There are some things to consider when dealing with characters. Much as we writers hate dealing with negative reviews, some of them will contain useful information. The character of course will dictate a lot of how someone feels about the story they read. So we need to understand our character as best we can.
To learn about the character, many books and blogs offer many techniques, many ideas for what to do.
A few examples I’ve found: The character interview, the character back story, and the character information sheet. All of these are examples of character sketches. They all give details to the writer about the character without actually putting it all into the story.
Each technique offers a different perspective to the character, just as each name implies.
The character interview is supposed to be exactly as it sounds. You’re seated with the character and asking them questions to learn about them. These can be as simple as “What’s your name?” to as complex as “A gun is pointed at you and your love interest, while a bomb ticks time away. Tell me how’d you react.”
The character back story is literally writing the story of the character up until you reach the story you’re going to write. It is an extensive writing project, sometimes spanning five to ten times the length of the final work. I actually knew a writer who wrote three 20-page back stories, one for each character, for characters of a simple 2000 word short story. It was how this writer worked, so I couldn’t fault them for the time invested in the work they created.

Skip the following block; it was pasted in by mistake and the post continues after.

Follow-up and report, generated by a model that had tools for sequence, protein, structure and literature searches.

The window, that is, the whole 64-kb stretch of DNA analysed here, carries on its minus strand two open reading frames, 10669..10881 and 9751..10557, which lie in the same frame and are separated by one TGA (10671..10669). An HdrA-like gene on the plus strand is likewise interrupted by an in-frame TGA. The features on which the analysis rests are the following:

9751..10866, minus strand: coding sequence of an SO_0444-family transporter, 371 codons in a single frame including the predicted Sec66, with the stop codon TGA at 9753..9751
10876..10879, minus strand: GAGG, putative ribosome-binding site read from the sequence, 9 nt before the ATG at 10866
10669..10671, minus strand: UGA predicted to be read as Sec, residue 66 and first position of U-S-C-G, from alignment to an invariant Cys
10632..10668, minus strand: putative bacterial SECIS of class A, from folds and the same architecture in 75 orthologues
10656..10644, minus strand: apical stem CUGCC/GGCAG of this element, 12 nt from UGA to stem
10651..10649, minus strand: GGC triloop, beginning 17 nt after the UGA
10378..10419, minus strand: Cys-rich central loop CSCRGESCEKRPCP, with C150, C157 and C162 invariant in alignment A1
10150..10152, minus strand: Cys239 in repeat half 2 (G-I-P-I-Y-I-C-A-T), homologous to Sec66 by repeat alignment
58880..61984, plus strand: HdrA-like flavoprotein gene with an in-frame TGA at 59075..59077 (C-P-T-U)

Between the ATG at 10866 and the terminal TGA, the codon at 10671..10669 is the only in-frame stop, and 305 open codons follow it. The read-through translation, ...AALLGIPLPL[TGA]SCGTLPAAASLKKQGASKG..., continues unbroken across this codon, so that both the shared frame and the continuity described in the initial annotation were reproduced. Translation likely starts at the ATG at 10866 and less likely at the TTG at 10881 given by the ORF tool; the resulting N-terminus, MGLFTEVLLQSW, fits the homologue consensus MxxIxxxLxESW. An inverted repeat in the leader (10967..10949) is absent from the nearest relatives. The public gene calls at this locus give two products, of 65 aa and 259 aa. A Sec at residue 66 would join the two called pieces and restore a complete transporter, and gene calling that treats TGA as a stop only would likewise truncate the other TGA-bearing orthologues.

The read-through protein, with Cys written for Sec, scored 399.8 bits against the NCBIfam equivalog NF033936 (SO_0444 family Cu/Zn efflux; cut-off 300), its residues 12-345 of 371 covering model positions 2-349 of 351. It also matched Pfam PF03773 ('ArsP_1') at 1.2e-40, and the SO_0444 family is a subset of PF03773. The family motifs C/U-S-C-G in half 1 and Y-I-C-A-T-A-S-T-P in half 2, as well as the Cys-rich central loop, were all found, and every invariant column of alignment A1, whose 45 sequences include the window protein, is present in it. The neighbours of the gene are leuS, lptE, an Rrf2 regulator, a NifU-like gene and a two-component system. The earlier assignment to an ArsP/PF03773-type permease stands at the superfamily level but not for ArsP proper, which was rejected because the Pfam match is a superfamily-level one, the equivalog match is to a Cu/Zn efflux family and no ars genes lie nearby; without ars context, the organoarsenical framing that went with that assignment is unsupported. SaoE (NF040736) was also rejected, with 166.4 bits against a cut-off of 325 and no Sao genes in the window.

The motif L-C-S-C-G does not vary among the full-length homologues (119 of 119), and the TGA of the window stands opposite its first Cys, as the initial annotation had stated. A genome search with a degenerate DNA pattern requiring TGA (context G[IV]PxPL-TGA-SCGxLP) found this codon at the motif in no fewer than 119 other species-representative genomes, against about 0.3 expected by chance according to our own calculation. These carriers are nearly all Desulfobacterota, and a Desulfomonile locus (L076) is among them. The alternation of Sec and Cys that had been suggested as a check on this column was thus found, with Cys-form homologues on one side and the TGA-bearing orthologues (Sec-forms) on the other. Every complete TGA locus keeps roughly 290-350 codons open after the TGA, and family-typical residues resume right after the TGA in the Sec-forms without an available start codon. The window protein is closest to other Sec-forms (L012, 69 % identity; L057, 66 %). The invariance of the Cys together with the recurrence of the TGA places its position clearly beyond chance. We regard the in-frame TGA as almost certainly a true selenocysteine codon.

The character information sheet is something that comes from the realm of the gamer, though I’m sure it comes from a lot farther back than that. Modern sheets hold blocks on information, sorted by category. Basics like name, age, gender, and unchanging physical characteristics comprise one block. Information about clothing choice, political orientation, or other shifting details might go into the next block. Depending on the sheet chosen, these can be anywhere from one to fifteen pages of details.
Personally, I use the character sheet style, because I started my writing from the world of Dungeons and Dragons™. My sheet is a custom creation, to give me the access to the best details of what I feel need to exist in the story. And like my writing and my world view, it keeps being modified to better gather the details I want to present.
Nothing says you have to follow the same procedure for each story. What worked for story one might not work for story two. As I illustrated above, this sketching doesn’t necessarily have to appear in the final work either.
This comes to a point where I have to say – Do what works best for your technique.
Today's post was inspired by the topic “Character Sketches” as part of the Merry-Go-Round Blog Tour, http://merrygoroundtour.blogspot.com/. This ongoing tour allows you, the reader, travel around the world from author's blog to author's blog.
Don’t miss tomorrow’s posting over at: http://suesantore.com/
If you want to get to know nearly twenty other writers, check out the Merry-Go-Round Blog Tour: http://merrygoroundtour.blogspot.com